Galesburg Register-Mail from Galesburg, Illinois on June 19, 1973 · Page 4
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Galesburg Register-Mail from Galesburg, Illinois · Page 4

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Galesburg, Illinois
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Tuesday, June 19, 1973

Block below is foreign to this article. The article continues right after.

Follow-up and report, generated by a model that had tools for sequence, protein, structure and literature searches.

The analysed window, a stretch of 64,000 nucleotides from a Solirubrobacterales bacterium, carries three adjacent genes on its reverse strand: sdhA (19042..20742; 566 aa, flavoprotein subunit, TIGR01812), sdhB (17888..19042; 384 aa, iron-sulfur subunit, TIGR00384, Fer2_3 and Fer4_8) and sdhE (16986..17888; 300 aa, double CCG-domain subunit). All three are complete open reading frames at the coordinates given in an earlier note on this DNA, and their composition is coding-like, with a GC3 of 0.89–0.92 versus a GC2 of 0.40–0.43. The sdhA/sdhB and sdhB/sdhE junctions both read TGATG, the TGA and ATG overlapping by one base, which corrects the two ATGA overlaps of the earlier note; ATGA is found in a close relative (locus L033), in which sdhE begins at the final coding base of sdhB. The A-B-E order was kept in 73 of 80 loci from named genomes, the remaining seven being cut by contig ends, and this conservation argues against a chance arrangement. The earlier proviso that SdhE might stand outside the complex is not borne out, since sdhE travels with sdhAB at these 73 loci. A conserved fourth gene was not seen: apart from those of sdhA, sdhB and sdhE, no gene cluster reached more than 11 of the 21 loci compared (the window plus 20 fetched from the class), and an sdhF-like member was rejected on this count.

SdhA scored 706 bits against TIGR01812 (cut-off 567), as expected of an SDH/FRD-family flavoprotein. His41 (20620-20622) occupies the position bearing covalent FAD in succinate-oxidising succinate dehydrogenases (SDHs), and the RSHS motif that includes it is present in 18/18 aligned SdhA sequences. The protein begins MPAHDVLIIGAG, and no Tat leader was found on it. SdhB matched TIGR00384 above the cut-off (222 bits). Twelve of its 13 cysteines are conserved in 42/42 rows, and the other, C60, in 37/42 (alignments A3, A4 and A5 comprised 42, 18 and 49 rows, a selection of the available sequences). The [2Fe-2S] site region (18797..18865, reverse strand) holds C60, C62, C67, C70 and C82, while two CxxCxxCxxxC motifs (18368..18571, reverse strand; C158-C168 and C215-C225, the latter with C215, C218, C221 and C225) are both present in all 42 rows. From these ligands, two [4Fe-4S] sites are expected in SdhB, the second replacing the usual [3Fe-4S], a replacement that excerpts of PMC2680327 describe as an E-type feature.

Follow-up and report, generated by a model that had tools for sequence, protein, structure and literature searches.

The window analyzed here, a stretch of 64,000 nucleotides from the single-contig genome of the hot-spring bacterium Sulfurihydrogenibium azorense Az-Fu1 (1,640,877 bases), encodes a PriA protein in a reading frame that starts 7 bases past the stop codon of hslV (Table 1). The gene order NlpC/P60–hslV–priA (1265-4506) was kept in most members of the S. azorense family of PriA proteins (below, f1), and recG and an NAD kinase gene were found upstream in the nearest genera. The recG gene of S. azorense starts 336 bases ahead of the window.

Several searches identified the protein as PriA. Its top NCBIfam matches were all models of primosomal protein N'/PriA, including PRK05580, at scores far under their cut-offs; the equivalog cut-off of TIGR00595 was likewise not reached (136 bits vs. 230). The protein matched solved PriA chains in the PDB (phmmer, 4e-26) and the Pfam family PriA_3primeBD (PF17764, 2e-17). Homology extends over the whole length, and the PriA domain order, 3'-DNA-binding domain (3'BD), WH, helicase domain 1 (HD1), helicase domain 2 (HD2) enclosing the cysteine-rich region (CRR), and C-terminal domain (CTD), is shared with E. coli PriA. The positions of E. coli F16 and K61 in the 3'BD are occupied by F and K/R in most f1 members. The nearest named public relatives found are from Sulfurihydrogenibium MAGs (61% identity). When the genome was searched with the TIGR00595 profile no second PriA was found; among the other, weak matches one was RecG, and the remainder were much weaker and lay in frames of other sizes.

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4 Gdlflsburo fteai_fer*Mail, Golesbura».HK. Tues, f .Junt,.,.1,.gi1973 Let's Check Consumer Honesty He's Watagan, Sir. Says We Can't Dump Our Trash On His Land EDITORIAL Comment and Review No-Fault Nears Passage The House of Representatives may take action in Springfield in the next two weeks on a no-fault insurance bill. The IUjnois legislators have two basic no-fault plans before them. We consider one to be a sound program that, if amended, would virtually guarantee a small reduction in insurance premiums. The other is a poor excuse for no-fault insurance and threatens to increase those premiums. Earlier this year, we endorsed the plan introduced in the Senate by Sen. William Harris of Pontiac. The Harris proposal, approved by the Senate and sent to the House, appears to meet the Illinois Supreme Court objections to legislation adopted last year and contains the provisions necessary to alleviate 90 per cent of the lawsuits resulting from bodily injuries. Those legal proceedings have tied up the court system for years and have forced the cost of insurance policies up. : Basically, no-fault auto insurance provides for the payment of auto accident claims by the driver's own insurance company, and prohibits small court claims. But it permits legal recourse for major . bodily injuries or death. The alternative to the Harris bill is one sponsored by Sen. Harris W. Fawell, R- NaperviUe. The Fawell legislation is supported by the Illinois Trial Lawyers and some Illinois bar associations. That legislation contains no provisions to reduce the number of minor injury claims, but it does require the driver's own insurance company to pay off after an accident. The result of such legislation can only mean a continuation of the financial boon realized by trial lawyers in this field, especially in Cook County, and not much else. Its supporters contend that motorists won't mind paying a little bit more on their insurance premiums if they are guaranteed speedy payments on their claims. What its supporters don't telj. you, however, is that most claims in downstate Illinois are not delayed for excessive periods of time and that the safe-driving motorist who isn't in court every few months seeking injury damages is the one who will be penalized under the Fawell bill. The good driver will have to pay the increased premiums, but he won't get additional coverage and he won't get better service, because he doesn't hurt people when he drives. There is room for a compromise in that canyon between the Harris and Fawell bills, but the approach to no-fault insurance the Illinois General Assembly must take is very clear. If there must be compromise to satisfy the intense lobby of the trial lawyers, we hope that it can be accomplished without doing too much harm to the Harris legislation. Canadian Pipeline Feasible Ever since the price of gas started to climb, Congress has been considering two proposals that would give this country access to the oil reserves in Alaska and Canada. The most controversial proposal caVls for the construction of nearly 800 miles of pipeline through the rugged Alaska interior from Prudhoe Bay to the coastal town of Valdez. On the coast, the oil would be loaded onto tankers and shipped the 2,000 miles to Los Angeles and San Fran- Timely Quotes I think the Democratic party has moved farther to the left now than at any time in my lifetime. It's left the mainstream of the people. The Republican Party has moved from the right and now represents the broad spectrum of activities in the political arena. —John B. ConnalJy, former Treasury secretary and governor of Texas, announcing bis change of parties. Peace will come in the Mideast when foe Arabs love their children more than they hate us. And, when peace does come, we will perhaps—in time—be able to forgive the Arabs for killing our sons. However, it will be more difficult for us to forgive them for having forced us to kill their sons. —Israeli Premier Golda Meir. People who make a living doing what (hey don't enjoy wouldn't even be happy with a one-day workweek. -Duke Elliijgton. Cisco and the 1,200 mi\es to Seattle. The trans-Alaska pipeline idea is controversial because it would cross a highly earthquake-prone area of the Alaskan frontier, leaving open the likelihood of oil spills there and along the Pacific Coast where the oil would be transported by tanker. Another disadvantage is that the West Coast of the United States doesn't need the oil as badly as the Midwest and East Coast. The far more advantageous plan, we believe, is the trans-Canadian pipeline which would carry the oil reserves in Alaska and Canada to Edmonton, Alberta, where it would be piped through existing lines to Seattle and the Chicago area. While there is a sljm possibility that international snags with the Canadian government could surface under this proposal and not the other, the pipeline across North America minimizes the risk of oil spills since neither earthquakes or tanker mishaps would be factors to consider, and it gets the oil to where it is needed the most in the fastest possible time. Fortunately, the Canadian government has been receptive to the pipeline concept, and has not indicated any intent to leave the United States at a disadvantage in hammering out an agreement. The Canadians, in fact, appear eager to reach accord with this country over a continental pipeline to avoid the dangers of oil spills on its shores by American tankers travelling from Alaska to the West Coast. It may be useful, in this era of strong ccwtimerism movement, to »6 reminded that there Is a counterpart to the old warning of "caveat emptor" — let the buyer beware. This is "caveat vendor" — let (the seller also keep an eye out for sharp customers. Net only does the consumer not always wear a halo as the innocent victim of rapacious retailers, but many of his actions, whether careless or deliberate, actually contribute to the high prices we all complain about. Shoplifting is obviously the No. 1 cause. The National Retail Merchants Assn. estimates that the cost of shoplifting and related theft is about $3.5 billion a year. Shoplifters ultimately rob the average family of something between $30 and $60 a year. This is the surcharge a family pays in higher prices to cover business losses due to shoplifting. But even those who would never consider stealing an item from a store may be guilty of practices (that amount to a form of theft, charges Beverly Henderson, a consumer economics specialist at the University of WisconsinrExtensiion. One of these tricks, she points Comment By Don Oakley out, lis switching price labels from low-priced to higher priced items. As a result, to the annoyance of honest customers, stores have retaliated by using sticky labels that are almost impossible to get off. Then there's the classic example of the person who buys merchandise — a fondue set, say — and uses it for a special occasion. Then she returns it to the store, saying it was not suitable. Such used merchandise will probably be sold at a reduced price, and again other customers share the cost of Uils loss to the store. It's hot unusual to see someone handling and squeezing fresh fruit and other produce In the supermarket, says Miss Henderson. Damaged food spoils quickly, and if some unsuspecting consumer doesn't buy it, it will be marked down for quick sale or thrown out. Maybe you've seen a misplaced package of frozen food on a shelf. Some thoughtless consumer changed her mind about the purchase and didn't bother to return It to the frozen food case. Anotlier common practice is to open a jar or package of food sample it, and put it back on the shelf. (Often the person doing this takes another jar or package that hasn't been opened.) This results in contamination or spoilage of some foods. The customer who buys it may be the loser, or if she returns to tbo store and gets a refund or replacement, this adds to the store's operation costs. "Cartnaping" is another problem for supermarkets. Some stores report losing one out of every five carts they own, at a cost of about $35 each. (Continued on Page 9) Mr. Impeccable Goes After Senator Sam WASHINGTON — The administration ostensibly brought Mr. Impeccable, Archibald Cox, down from his Harvard Law School professoriate to prosecute the Waterbuggers — but the man with the bow tie and the stiff neck seems more interested in putting Sen. Sam Ervin in jail. Falling in step with Spiro Agnew and a host of other disinterested people whose only concern is justice, Mr. Impeccable contends tot televising Sen. Sam and his committee at work will make a speedy, fair and impartial trial impossible. Appearances to the contrary, Mr. Impeccable isn't the administration's ally, only its unknowing tool. The special prosecutor is the genuine article: those ties he wears aren't clip- ons, he knots them himself; and if he allows himself to be fashioned into the only weapon the Nixon people would dare use against Sen. Sam, it's because he acts out of a pridef uil, brainy scorn that can't simply be attributed to a place on the Harvard Law faulty. MR. IMPECCABLE is so deeply read in the law and so imperiously oblivious to its reasonable application that he believes there should be no difference between the way Watergate is handled, and the prosecution of a liquor store holdup. The rules of criminal procedure say that pre-trial publicity can hamper the selection of an impartial jury, so publicity should be suppressed. Therefore, according to this logic, Sen. Sam should either suspend his hearings or keep them secret until the last of the Watergate suspects is tried, which, at the rate Mr. Impeccable and the Justice Department are moving, will be around 1981. Comment By Nicholas Von Hoffman In 'the meantime, the public would be deprived of the most important information concerning the conduct of half the upper levels of 'the Executive Branch. Setting aside the conclusion that Watergate suggests major changes are needed not only in our election laws but in the organization of the White House, it is also true that some of the most serious accusations made against these freebooters may not even be indictable offenses. As unbelievable as some of the witnesses have been . to whom Sen. Sam has quoted poetry and Bible verse, most of tlie lying here in Washington hasn't been under oath. The pillaging, the polite extortions, the throwing around oif hundreds of thousands of dollars, even much of the wiretapping, and many of the other disreputable practices may be simultaneously legal and widely destructive. SENATOR SAM knows this and that's why he's said, "It is much more important for the Crossword Puzzle Variety Aniwtra to Previous Puxil* ACROSS a"Uncl8 Tom- character 6 36th US. president 13 Spanish courtesy title 14 Province of Cuba 15 Turkic tribesman 16 Having left a will 17 GI's address 18 Lohengrin's bride 20 Deity 21 Automotive group (ab.) 22 Scottish lak* 25 Avouch 4 Animals (comb, form) 5 Overdue payment 6 Iotas 7 Mountain nymphs 8 Possessive pronoun 9 Seine 10 Projecting tooth 11 Masculine appellation 12 Require 19 Southern general 21 Skins tanned with tannic acid 23 Auricle h * 1 r I T 1 g 28 Dinner coum % Click-beetle (pl_) 2$ Encourage 32 Mitigate 33 Hindu queen 34 Elude 36 Son o! Issachar ^•^•W^*e*e*"# (Bib.) . 37 Cylindrical 39PUf«rt 41 Distress signal 42 Rocky peak 43 Fire residue 46 Fly aloft 48 Anatomical duct 51 Condescended 54 Abscond 56 Wife's mate 57 Collect 58 Makes nasal noise 69 Command DOWN lTbis(6p.) 2 Jump 3 Preposition 26 Rescue 27 Asterisk 29 Wild ox of Celebes 30 Ravine 31 Great amounts 35 WWII area (ab.) 38 Hebrew ascetic 39 Depot (ab.) 40 Bullfighter' 43 Sturdy trees 44 Stupefy 45 Stocking 47 Inequality 48 Ineffectual 49 Church part 50 Soothsayer 52 Laconian phyle subdivision 53 La , Bolivia 55 Gibbon 3 * 8 ,L 8 9 w rr rr 13 14 1* 16 17 46 20 26" to 2F 31 ' 3J 34 a 37 41 42 JT w , • W w 60 $1 BT 56 87 58 68 American people to find but the truth about the Watergate case ton to send one or two people to jail." It is one of the recurring ironies of this case that the faction which most wants the strictest rules of evidence, criminal trials and jail sentences is Nixon and the White House crowd. They've spent hundreds of thousands of dollars paying their own people to shut up and go to jail. Jail is the tomb of truth. James M c C o r d knew this. That's why he grew feathers and turned canary. He knew that those promises of Executive clemency were worthless, that the moment they locked the doors on him in the Atlanta Federal Slam, he'd never be heard from again. What scares administration men like Agnew is just what they say: ". . .When a witness testifies to what some third party toW him, he frequently is then asked to elaborate on details of the hearsay statement and pressed to say whether his informant mentioned still another person." NO TESTIMONY of that sort is allowed in a law court and rightly so, but a law court seeks to pronounce a person guilty or not guilty of a particular crime. It has no other kind of truth in mind and needs none, but what we need to know is the larger, sloppier truth about the biggest and most dangerous political conspiracy in our history. To go the other way, to satisfy Mr. Impeccable's tastes, would be to freeze the Legislative Branch at a time when it should be awakening from its customary torpor while also impaneling a jury of such ignorance that even a Maurice Stans might slirink from submitting himself to their judgment. Let's say Sen. Sam is cut off right now and we have no more pre-trial publicity. Imagine the cretins who could say at this date, a year after Watergate, that they had never heard of the case and had formed no opinion about it. No one who looks back at the early 1950s, who remembers what Nixon himself did as a congressional investigator, can feel entirely at ease about unchecked, mob-ridden senatorial inquiries. But there are differences. Sen. Sam displays a regard for constitutional rights that Dick Nixon and Joe McCarthy didn't, and the putative culprits aren't a small bunch of disowned, isolated and universally despised Comimies being pursued by the press and all three branches of government; they're the President's men accused of committing acts paid for by the richest corporaUons and individuals in America. © 1973 by NEA, iK.^fjHjBtofc^. "Look, Buddy, stop buggin' me. If you're Insecure about Hank Aaron getting close to Babe Ruth's record, that's your hana'uol" 1 Qalestojrg lister-Mail Office 140 South Prairie Street Galcsburg, Illinois, 81401 TELEPHONE NUMBER Register-Mull Exchange 343-7181 SUBSCRIPTION RATES By Carrier In Clly of Galesbura 80c a Week II- of (NIW1WII tHTfMftlM A5JM.) Entered as Second Class Matter at the Post Office at Galesburg, llnols, under Act of Congress ^ March 3, 1870. Dally except Sunday, and Holidays other than Washington'! Birthday, CoJumbua Day and Veterans Day. Ethel Custer Prltchard, publisher; Charles Morrow, editor and genera] manager; Robert Harrison, managing editor; Michael Johnson, assistant to the editor; James O Connor, assistant managing editor. Nutlonul Advertising Representatives: Ward Grllflth Co., Inc., New Vork, Chicago, DetioM. Los Angeles, San Ki 'iiiiclsco, Atlanta, Minneapolis, Pittsburgh, Boston, Charlotto MEMBER AUDIT BUREAU OF CIRCULATION By RFD mall In our retail trading zone: 1 Year $1600 3 Months $525 ti Months $ 0.00 I Month $2.00 No mall subscriptions accepted In towns where there is established newspaper boy delivery service. By Carrier In retail trading zone outside City of Galesburg 60o a Week By mall outside retail trading zone In Illinois, Iowa and Missouri end by motor route in retail trading zone: 1 Year $22.00 3 Month* $6 00 0 Months $12.00 1 Month $2.50 By mall outside Illinois, Iowa and Missouri: 1 Year $20.00 3 Months I7 .Q9 « Month* 114-60 1 Month \m